Our partnership approach and Human Centred Design methodology means that we operate with a small, core team. We leverage the expertise within our partners and consultants in both the design and delivery phases. The requirements to ensure sustainability and viability of the solutions we implement are incorporated in the design and are evaluated in the review process (through the shared value approach).

With this lean agile structure we can respond quickly to new strategic or market opportunities that arise, in service of our purpose.

The solutions designed for people in the circle of care are reliant on two methods of delivery that work together to deliver & scale LifeCircle’s impact and purpose.  The first is the person-to-person contact through developing capacity in the partner organisations to help staff, customers, clients & volunteers to help themselves & each other when caring for someone who is dying. Our co-design solutions with our partners are primarily focused in this arena.

The second method of delivery is through the digital channel.   LifeCircle recognizes that we have a significant opportunity to increase our reach and scale through a digital platform. The digital channel also allows LifeCircle to build a community around end of life issues and experiences that leads to conversation, connection and capacity  and ensures that knowledge gained by those who have experience in supporting people who are dying is shared and grows.
The digital platform will also allow us to reinvent the role that our Community Mentors used to hold by offering expert, mentor-led support, facilitation and advice provided on an individual needs-based level, through a moderated 24-7 digital platform. We are exploring the role of new technologies in providing the ‘sweet spot’ between human conversations and digital interactions.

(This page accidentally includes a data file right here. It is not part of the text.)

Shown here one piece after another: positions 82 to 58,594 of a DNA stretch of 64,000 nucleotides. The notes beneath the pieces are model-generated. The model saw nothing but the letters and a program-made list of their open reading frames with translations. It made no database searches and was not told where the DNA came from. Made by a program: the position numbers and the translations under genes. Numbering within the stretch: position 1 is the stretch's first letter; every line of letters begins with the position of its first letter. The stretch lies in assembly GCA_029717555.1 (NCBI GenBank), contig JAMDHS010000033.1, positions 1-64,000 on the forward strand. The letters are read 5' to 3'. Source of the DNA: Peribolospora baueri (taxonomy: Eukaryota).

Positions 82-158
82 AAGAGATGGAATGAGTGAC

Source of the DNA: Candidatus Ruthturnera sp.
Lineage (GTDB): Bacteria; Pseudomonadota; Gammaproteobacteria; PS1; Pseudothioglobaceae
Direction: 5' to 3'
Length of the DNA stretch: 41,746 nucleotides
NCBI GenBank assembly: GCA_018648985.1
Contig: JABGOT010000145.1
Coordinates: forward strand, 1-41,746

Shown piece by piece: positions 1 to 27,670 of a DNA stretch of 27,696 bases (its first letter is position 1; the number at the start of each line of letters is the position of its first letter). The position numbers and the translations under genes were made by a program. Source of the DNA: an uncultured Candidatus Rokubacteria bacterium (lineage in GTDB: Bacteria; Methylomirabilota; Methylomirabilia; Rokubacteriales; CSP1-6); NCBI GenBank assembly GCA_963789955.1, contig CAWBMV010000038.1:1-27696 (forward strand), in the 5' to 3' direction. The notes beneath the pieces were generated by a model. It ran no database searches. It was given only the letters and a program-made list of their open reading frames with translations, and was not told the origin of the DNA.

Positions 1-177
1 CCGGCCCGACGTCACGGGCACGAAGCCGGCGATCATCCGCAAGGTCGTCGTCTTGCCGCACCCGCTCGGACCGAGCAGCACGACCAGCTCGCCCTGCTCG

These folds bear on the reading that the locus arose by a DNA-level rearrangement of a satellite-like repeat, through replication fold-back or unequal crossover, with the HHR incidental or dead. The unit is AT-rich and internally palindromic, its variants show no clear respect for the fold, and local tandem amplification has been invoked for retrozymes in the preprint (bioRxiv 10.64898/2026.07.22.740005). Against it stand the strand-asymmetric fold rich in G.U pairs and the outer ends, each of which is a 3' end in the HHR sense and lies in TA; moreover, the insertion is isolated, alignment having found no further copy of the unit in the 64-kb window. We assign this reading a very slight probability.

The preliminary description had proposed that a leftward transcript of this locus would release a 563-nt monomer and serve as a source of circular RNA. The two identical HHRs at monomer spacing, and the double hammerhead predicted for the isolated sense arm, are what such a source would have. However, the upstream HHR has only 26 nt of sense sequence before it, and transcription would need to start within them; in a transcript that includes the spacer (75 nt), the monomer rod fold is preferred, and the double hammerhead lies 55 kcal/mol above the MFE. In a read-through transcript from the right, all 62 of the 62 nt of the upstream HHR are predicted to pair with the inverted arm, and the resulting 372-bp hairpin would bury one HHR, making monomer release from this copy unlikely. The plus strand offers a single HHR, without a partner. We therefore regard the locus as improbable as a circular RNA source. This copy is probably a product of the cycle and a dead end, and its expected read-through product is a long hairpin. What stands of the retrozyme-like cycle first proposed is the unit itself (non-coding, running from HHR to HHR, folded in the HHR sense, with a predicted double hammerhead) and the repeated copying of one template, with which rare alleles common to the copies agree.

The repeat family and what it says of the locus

We operate with the discipline and focus of a commercial  business, ensuring our activities deliver on our purpose and our resources are well managed.

The greater the change around attitudes to and the experience of dying the better we are performing.

LifeCircle has two funding streams. The primary funding stream is through our strategic partnerships with funds allocated to delivery of the shared value outcomes. Our secondary funding stream is philanthropic funding and in-kind/pro-bono support to cover overheads, such as the core team, rent, admin fundraising & partnership development expenses.

We are wholly independent and receive no government funding. Over 50% of our overheads are provided on a pro- bono, or lo-bono basis, by organisations and individuals who are deeply committed to our cause.

LifeCircle is governed by a dynamic mix of business leaders, entrepreneurs, and sector and industry specialists. Collectively we are driven by personal experience, a deep commitment to the impact we are creating and extensive knowledge of the sectors and industries most aligned with end of life – Aged Care, Professional & Financial Services, Insurance and Health Services.


We work with organisations that share our beliefs.

We have a number of strategic partners who support our vision of an Australia where dying is more openly discussed, better prepared for and less institutionalised. They also agree that carers should be strongly empowered and consequently more resilient.

These partners include:

We work with facilitators, connectors and capacity builders around death and dying for the circle of people they work with and for: clients, customers, employees, volunteers and the broader community.

LifeCircle is funded primarily through these strategic partnerships. We are wholly independent and receive no additional government funding.


LifeCircle has the Vice Regal Patronage of Mrs Linda Hurley, wife of His Excellency General The Honourable David Hurley AC DSC (Ret’d), the 38th Governor of New South Wales.

Mrs Hurley has a keen interest in pastoral and palliative care. Mrs Hurley’s biography can be found here.


LifeCircle is governed by a dynamic mix of business leaders, entrepreneurs, and industry specialists.


There is a huge worldwide online community who appreciate a diversity of content about issues around death and dying. We have included links to some of the most informative and useful articles and video extracts, below.

LifeCircle posts intelligent, informative and topical posts through our facebook page. We welcome you to follow our posts and contribute to our conversations.